Rob Young
Rob Young
Jan 8, 2018 · 4 min read

Hiring the right design firm or freelance designer can be daunting. There is a wide range of quality, price, and cultural fit to consider when making a decision. Should you hire a big agency, a small studio, or a freelance?

“It’s not as straightforward as you might think,” says Catherine Winfield, director of experience design at Foundation Medicine and formerly at MIT’s Mobile Experience Lab. “Not all agencies are the same. Knowing who to hire is no different than knowing if you need a flathead or phillips screwdriver.”

Here are some things to consider when deciding what kind of design firm to hire.

Hiring a big agency

Big agencies serve big companies with big budgets and long timelines. They excel at managing complex projects with many deliverables.

“I recommend big agencies if the capabilities and services needed are broad with an unclear or expanding scope,” says Mike Buzzard, founder of Cuban Council, a design agency acquired by Google. At Google, Buzzard advises teams that need to hire design agencies. “I also recommend big agencies if a senior project or account manager are needed to help with strategy and execution.”

Big agencies employ top designers, and it shows in the work they deliver. “Big agencies attract world class talent and have access to best in class tools,” says Winfield. “However, if you are a small company, going with a large company can backfire. Big agencies have big client lists. If you are on the smaller side, there is a good chance you won’t get the attention you are hoping for.”

Big agencies assign dedicated teams to an account. This means you’ll get a full-service design offering. You’ll also get as many designers, writers, and any other experts your project requires. This comes with a lot of overhead. But the fit and finish can justify the fees the best agencies command.

Big Agencies are best for

  • Project Scope large
  • Timeline medium or long
  • Budget large

Hiring a small studio

Small studios are nimble. They are able to take on projects for companies of varying sizes. Some studios specialize in one product or service category, while others have broader offerings. Like big agencies, the best small studios are capable of delivering world class design, often with less overhead.

“A small studio is a good idea when the specific details of craft and execution are well aligned with the portfolio and skills of the studio, “ says Buzzard. “Small studios are also good when you want to partner closely on the details and incremental decisions of a project.”

Small studios are set up to operate with less people on each project, so process and decision-making are streamlined. “Smaller agencies often provide higher touch service, because their client list is smaller. As an independent office they truly care about your business,” Winfield explains.

However, Winfield cautions, “Smaller and local agencies sometimes don’t have all the skills needed to complete your project and you want to be careful about hiring a small studio who would then need to hire to meet your demand. Just as with larger companies, you want to make sure you know who will be on your actual account.”

Small studios are best for

  • Project Scope medium to large
  • Timeline medium to long
  • Budget medium to large

Hiring a freelancer

Whether you’re a small business in need of a logo or a large company looking to augment an in-house team, freelancers are a great option to consider. Freelancers offer low overhead and lots of flexibility.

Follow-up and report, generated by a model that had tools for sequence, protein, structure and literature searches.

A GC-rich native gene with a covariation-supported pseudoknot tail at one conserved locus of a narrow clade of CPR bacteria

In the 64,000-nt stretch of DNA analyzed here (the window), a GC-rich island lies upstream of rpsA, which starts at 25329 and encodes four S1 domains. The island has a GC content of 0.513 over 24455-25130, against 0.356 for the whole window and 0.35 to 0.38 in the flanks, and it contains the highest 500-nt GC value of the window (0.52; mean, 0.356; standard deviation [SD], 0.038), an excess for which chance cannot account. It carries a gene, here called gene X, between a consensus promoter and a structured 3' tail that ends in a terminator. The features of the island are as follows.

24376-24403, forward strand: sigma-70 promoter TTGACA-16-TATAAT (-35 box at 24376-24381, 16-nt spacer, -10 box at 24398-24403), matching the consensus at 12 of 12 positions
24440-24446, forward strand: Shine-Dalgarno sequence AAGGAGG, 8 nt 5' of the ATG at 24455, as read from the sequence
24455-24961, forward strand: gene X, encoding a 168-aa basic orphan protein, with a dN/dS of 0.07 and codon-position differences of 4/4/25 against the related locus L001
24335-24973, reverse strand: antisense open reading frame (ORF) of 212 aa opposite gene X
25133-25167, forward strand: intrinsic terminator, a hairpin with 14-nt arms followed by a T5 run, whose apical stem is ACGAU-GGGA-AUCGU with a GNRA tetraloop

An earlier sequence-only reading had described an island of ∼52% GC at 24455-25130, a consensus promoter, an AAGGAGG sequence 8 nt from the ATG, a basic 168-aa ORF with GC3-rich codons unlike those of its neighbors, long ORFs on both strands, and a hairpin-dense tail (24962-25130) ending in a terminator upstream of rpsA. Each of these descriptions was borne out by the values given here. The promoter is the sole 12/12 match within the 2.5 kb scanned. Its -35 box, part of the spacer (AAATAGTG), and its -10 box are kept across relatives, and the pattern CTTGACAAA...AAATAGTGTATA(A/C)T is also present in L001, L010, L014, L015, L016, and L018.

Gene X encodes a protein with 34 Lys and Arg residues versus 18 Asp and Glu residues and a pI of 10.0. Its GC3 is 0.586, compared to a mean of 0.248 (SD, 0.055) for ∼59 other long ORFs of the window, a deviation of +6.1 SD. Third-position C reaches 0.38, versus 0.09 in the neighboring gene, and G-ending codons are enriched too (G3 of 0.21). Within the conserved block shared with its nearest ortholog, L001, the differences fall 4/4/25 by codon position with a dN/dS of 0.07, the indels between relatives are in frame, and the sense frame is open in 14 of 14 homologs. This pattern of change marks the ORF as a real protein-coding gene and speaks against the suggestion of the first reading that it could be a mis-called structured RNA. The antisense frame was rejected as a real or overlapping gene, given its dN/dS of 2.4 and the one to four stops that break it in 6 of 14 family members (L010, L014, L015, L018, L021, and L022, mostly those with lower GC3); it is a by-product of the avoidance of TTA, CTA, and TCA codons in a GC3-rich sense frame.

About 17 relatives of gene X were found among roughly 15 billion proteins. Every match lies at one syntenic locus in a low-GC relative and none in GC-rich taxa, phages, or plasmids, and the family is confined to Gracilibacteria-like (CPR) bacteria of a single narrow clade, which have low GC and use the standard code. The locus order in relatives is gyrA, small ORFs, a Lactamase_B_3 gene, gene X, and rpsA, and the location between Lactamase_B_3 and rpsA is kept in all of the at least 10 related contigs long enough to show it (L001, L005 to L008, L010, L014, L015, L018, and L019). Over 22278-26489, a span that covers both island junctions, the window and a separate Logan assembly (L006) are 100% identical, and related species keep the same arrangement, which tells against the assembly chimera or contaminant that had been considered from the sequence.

The best freelancers often have experience at agencies or large companies. This can afford access to world class design thinking for projects that have smaller budgets. Ryan LeCluyse worked at Pentagram and Google before deciding to go out on his own as a freelancer. “My main offering is the ability to be a piece to any puzzle. I can scale my involvement and help at any stage of a project timeline,” says LeCluyse.

Mike Buzzard has hired freelancers as a studio head and in his current role at Google. “Freelancers are a good option when you’re certain about deliverables but you’re uncertain about the duration and scope of the work,” says Buzzard. “For example, if you know you need to evolve branding and marketing collateral, but you assume that the project is short-term and doesn’t warrant a full-time hire.”

However, the flexibility and lower fees of working with freelancers do come with a cost. Working with a freelancer will require clear direction and project management from you. The more prepared you are up front, and the more willing you are to provide ongoing oversight and project management, the better the outcome will be.

Freelancers are best for:

  • Project scope small to medium
  • Timeline short, medium, or long
  • Budget small

So, who should you hire?

Deciding between a big agency, a small studio, or a freelancer is about picking the right tool for the job . Look closely at the scope, complexity, timeline, and budget of your project. And be sure to consider the type of working relationship you want.

Whether you bring in a freelancer to execute on a defined plan, a small studio to partner closely with your team, or a big agency to take charge of a large project, the type of partner you hire will shape the development of your project and your experience along the way. The time you take up-front to clarify your project needs and goals will be invaluable to whatever project team you assemble.

Please share this article with anyone you think might find it useful. And if you’re interested in working with a small studio, don’t hesitate to get in touch. Good luck!

O/M Studio

Stories from O/M Studio

Rob Young

Written by

Rob Young

Founder of O/M, a product design studio in San Francisco; Previously designer Google and Apple and many places in between.

O/M Studio

Stories from O/M Studio

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